Riding a Bike God-Style
הִנֵּה עֵין יְהֹוָה אֶל־יְרֵאָיו לַמְיַחֲלִים לְחַסְדּוֹ׃ Truly the eye of Hashem is on those who fear Him, who wait for His faithful care
הִנֵּה עֵין יְהֹוָה אֶל־יְרֵאָיו לַמְיַחֲלִים לְחַסְדּוֹ׃
Truly the eye of Hashem is on those who fear Him, who wait for His faithful care
By Adam Eliyahu Berkowitz
I recently visited a friend who has a four-year-old son. His son had just learned to ride a bicycle without training wheels. My friend had spent hours running behind his son, holding the bike up. Then, without announcing any change, he let go, continuing to follow the bicycle for a bit.
“If I am too much of a father, it’s not good for him,” he explained. “He may fall once in a while, but that’s okay. I stay close and make sure that he doesn’t hurt himself. But at the same time, I can never really go away and leave him alone. That isn’t good for him because he may really hurt himself. And it certainly isn’t good for me since…well…he is my boy and I want to be near him.”
His words reminded me of King David’s words in Psalm 33.
In Psalm 33 King David writes:
Kings are not delivered by a large force; warriors are not saved by great strength; horses are a false hope for deliverance; for all their great power they provide no escape. Truly the eye of Hashem is on those who fear Him, who wait for His faithful care to save them from death, to sustain them in famine. We set our hope on Hashem, He is our help and shield; Psalm 33:16-20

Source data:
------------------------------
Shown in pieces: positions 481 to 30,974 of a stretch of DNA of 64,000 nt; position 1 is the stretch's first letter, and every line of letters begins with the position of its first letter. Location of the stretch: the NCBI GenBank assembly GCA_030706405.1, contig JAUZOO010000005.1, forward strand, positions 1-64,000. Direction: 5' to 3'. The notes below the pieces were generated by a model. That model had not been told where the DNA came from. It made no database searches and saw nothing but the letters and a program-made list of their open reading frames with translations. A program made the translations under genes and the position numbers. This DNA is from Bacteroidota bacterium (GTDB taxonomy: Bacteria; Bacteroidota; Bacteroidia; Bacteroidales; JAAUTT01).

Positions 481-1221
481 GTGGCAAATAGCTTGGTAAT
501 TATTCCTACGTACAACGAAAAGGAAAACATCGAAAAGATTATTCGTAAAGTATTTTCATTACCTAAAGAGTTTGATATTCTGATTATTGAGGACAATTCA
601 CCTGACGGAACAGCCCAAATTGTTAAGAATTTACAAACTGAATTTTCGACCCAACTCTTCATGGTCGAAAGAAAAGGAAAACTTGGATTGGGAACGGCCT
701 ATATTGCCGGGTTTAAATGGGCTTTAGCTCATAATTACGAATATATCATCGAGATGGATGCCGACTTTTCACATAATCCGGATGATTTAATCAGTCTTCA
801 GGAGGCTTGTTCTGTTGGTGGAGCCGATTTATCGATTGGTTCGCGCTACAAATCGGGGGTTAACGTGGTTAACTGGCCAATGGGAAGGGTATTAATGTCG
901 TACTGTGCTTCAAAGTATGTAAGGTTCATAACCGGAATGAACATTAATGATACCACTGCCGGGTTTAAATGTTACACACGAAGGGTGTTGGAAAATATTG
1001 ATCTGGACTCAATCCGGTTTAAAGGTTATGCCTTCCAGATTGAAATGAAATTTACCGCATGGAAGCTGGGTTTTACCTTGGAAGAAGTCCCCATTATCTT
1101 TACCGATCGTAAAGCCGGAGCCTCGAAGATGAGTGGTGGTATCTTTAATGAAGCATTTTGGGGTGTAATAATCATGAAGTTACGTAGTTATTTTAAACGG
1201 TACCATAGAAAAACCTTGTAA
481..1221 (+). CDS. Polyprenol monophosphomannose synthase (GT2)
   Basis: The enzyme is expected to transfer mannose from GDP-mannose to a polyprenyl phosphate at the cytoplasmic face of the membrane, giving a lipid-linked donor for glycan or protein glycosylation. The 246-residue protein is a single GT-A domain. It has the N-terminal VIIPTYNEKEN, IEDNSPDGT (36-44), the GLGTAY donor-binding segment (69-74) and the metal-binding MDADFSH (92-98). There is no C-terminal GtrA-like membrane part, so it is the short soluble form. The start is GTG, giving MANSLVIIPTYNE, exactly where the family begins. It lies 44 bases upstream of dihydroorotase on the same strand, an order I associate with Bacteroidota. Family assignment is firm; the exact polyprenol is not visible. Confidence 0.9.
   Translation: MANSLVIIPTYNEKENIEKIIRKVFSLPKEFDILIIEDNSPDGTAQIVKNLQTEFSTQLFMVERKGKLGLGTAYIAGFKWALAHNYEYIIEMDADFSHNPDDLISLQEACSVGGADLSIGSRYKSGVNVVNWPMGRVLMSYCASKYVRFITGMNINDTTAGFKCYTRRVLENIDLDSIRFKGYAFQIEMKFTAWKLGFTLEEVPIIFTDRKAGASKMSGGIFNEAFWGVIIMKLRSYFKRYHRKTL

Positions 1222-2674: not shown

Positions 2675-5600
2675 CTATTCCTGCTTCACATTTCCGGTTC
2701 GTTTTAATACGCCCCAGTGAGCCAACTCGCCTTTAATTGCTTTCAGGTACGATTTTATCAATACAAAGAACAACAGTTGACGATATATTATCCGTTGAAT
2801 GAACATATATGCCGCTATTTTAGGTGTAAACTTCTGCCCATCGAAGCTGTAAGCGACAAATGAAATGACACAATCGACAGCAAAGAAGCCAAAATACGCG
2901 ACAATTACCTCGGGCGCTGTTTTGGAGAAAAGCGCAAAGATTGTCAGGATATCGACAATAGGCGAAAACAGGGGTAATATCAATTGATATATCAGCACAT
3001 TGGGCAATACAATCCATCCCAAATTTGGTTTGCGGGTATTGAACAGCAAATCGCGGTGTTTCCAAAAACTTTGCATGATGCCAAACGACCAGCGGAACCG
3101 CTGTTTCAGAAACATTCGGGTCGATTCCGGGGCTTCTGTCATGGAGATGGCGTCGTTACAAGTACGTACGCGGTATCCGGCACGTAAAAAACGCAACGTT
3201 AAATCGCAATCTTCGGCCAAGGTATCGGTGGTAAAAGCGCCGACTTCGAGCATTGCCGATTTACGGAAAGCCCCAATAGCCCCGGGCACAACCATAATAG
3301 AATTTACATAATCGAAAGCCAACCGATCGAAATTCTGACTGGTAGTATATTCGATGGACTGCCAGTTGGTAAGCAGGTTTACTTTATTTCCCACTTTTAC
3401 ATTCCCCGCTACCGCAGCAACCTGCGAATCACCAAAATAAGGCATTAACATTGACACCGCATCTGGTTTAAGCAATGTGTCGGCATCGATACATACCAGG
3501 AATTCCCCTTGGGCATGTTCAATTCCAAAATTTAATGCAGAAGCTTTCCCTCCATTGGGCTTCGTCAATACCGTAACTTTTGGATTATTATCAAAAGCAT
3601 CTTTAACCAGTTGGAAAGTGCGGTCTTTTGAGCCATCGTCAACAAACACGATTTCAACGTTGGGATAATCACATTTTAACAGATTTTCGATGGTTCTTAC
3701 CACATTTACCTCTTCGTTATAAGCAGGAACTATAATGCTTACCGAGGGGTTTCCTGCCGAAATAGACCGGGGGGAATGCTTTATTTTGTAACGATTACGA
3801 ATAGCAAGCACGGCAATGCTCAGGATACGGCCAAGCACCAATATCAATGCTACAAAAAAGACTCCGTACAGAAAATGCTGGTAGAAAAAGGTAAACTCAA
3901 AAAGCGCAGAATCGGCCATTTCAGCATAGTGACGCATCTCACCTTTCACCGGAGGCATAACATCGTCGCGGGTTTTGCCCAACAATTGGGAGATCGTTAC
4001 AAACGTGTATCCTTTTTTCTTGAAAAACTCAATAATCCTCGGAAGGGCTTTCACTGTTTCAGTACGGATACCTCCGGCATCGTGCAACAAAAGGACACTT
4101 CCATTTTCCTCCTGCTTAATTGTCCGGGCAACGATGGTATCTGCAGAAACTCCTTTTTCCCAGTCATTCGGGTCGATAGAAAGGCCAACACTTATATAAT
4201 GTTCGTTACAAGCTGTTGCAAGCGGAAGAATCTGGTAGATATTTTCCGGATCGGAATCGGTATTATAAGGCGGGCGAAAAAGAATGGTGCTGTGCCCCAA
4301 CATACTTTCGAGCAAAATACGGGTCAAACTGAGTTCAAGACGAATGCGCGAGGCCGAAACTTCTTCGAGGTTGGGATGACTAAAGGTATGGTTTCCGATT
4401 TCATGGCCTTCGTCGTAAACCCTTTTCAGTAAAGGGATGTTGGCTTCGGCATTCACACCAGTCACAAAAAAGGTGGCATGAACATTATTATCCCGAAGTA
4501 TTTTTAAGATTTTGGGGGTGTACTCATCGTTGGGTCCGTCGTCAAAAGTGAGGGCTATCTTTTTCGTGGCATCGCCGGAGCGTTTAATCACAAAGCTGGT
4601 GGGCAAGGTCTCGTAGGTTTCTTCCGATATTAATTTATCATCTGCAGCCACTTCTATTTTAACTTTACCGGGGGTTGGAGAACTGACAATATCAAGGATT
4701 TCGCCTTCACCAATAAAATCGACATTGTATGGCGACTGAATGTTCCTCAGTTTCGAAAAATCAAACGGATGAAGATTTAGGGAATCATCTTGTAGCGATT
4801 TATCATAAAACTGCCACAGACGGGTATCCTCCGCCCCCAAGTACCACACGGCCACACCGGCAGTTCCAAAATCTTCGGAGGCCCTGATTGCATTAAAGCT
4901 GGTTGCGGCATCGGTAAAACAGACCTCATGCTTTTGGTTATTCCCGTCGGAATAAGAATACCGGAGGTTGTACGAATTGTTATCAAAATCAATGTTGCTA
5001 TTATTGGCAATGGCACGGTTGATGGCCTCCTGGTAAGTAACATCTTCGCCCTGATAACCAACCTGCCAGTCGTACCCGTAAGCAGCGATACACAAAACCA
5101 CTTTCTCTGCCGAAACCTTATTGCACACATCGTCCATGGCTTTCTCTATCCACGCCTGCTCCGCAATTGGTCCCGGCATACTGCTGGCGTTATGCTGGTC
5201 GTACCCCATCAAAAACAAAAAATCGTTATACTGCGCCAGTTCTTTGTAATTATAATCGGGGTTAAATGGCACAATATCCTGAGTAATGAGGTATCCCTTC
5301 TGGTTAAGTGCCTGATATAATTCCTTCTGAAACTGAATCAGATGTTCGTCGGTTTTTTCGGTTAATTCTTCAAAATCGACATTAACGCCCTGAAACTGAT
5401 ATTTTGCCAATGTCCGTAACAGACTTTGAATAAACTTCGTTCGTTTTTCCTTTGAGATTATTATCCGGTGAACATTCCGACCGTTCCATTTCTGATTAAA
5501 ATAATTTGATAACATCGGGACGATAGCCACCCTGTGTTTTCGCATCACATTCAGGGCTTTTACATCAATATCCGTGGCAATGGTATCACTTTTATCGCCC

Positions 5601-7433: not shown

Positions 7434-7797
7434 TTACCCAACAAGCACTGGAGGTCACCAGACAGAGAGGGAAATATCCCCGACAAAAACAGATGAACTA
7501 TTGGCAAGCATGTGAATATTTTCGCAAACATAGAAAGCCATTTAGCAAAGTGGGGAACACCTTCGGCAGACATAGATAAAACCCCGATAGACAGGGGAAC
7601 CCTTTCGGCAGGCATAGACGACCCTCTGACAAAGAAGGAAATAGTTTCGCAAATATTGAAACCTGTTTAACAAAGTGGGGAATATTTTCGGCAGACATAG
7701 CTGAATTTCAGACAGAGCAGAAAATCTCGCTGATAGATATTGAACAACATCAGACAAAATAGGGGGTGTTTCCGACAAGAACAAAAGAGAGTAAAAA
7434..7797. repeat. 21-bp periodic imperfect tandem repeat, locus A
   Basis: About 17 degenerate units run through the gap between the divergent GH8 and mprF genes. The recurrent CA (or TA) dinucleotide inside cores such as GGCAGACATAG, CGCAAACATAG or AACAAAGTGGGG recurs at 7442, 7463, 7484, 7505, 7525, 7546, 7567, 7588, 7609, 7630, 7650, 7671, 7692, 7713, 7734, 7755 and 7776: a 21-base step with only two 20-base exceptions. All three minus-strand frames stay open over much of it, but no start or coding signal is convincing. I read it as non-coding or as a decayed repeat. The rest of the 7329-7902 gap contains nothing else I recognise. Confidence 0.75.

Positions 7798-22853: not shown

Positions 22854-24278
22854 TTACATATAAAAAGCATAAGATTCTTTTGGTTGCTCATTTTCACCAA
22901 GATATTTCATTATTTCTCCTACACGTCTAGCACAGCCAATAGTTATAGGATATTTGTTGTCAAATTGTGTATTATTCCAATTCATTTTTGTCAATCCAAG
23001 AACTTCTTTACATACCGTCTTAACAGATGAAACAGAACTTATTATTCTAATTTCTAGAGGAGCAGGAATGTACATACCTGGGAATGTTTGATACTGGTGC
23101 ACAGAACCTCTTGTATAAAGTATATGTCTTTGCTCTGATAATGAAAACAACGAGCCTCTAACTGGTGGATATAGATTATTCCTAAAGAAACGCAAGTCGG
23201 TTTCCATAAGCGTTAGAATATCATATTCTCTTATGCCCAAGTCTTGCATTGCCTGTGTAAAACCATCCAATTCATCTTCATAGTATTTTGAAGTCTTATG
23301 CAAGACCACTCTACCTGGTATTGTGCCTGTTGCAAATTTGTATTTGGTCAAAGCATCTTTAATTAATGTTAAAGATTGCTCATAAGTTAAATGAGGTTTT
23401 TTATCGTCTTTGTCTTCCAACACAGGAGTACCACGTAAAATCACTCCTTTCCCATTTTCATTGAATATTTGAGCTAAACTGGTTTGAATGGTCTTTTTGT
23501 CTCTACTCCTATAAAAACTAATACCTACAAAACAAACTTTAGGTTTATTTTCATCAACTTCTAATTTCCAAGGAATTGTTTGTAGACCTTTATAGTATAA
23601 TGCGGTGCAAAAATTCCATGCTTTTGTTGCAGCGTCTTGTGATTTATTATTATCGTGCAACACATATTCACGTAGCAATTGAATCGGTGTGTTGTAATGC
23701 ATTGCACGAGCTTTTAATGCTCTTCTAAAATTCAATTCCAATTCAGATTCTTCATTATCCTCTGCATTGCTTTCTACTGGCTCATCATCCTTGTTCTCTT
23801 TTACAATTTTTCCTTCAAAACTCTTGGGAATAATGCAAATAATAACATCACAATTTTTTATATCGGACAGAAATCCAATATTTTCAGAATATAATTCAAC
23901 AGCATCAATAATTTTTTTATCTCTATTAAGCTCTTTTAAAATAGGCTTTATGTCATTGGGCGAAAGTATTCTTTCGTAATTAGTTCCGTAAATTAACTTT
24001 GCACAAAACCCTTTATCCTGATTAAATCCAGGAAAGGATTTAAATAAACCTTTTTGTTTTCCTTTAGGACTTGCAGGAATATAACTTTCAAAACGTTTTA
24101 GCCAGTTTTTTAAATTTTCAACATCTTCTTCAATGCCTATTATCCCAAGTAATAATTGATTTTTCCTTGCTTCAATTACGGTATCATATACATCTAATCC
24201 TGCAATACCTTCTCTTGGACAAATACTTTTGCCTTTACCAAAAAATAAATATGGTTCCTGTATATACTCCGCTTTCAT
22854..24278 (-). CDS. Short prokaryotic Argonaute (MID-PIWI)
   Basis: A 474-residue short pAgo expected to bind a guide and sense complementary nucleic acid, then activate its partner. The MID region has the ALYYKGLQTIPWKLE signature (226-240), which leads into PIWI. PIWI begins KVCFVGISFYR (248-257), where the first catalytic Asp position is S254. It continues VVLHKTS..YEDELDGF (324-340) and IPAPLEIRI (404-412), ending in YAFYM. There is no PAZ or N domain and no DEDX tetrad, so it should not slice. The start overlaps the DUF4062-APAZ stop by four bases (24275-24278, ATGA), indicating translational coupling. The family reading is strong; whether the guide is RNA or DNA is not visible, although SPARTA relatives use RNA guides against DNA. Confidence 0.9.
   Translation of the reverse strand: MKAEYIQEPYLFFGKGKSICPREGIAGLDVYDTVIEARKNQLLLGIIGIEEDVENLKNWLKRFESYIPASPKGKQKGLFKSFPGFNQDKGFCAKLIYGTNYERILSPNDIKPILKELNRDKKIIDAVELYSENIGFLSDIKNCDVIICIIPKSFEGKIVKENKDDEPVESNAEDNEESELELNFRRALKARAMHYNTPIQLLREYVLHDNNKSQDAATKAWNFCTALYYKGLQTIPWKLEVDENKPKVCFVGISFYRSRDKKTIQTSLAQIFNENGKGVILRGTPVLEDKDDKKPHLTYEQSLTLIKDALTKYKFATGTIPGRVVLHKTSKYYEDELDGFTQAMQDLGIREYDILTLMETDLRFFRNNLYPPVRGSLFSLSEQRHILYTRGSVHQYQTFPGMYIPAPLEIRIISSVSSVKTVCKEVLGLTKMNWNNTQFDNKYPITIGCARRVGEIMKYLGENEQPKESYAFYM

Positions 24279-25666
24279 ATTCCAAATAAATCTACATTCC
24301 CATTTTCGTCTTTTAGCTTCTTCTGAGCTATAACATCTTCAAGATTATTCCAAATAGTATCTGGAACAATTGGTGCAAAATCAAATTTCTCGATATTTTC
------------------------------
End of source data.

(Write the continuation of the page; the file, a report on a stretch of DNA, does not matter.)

It may not be respectful to imagine God running behind me as I learn to ride a bicycle, but that is the image that came to mind when I read these verses. In everything we do, God is right there behind us making it happen. Could it possibly be any other way? Could we do anything without God working the controller?
King David faced a lot of challenges in his life, including enemies that appeared truly overwhelming. Yet he never gave up, thanks to his unwavering belief that God was right behind him doing the real work. How else could he have stood up to giant Goliath when he was only a boy?
This relationship is never more clear than when looking at the history of the Jews. For example, King Sennacherib of Assyria conquered almost all of the inhabitants of the world, and he arrogantly blasphemed God and besieged Jerusalem. Then, in a single night, the angel of God smote the entire Assyrian army of 185,000 men. Defeated and downtrodden, the great warrior king returned home only to be assassinated by his own sons.
In 1948, just a couple of years after the end of the Holocaust, Israel was attacked from all sides by Arab armies vowing to finish what the Nazis had started by driving the Jews into the sea. Yet despite its tiny army, Israel prevailed.
The Prophet Zechariah explained how this was possible:
“This is the word of Hashem to Zerubavel: Not by might, nor by power, but by My spirit—said the lord of Hosts. Zechariah 4:6
This is true of nations and history but it is also true on a personal level. I hesitated to get married, thinking that I would be unable to support a wife and kids. I had never been demonstrably competent in practical matters. 20 years later, my four children are my greatest source of joy. And my wife seems satisfied.
There is no way I could have accomplished that on my own. If I had looked back over my shoulder, especially during the hard times that were the most challenging, I would have seen God running behind me, one finger on the back of my seat, making sure that I didn’t fall.
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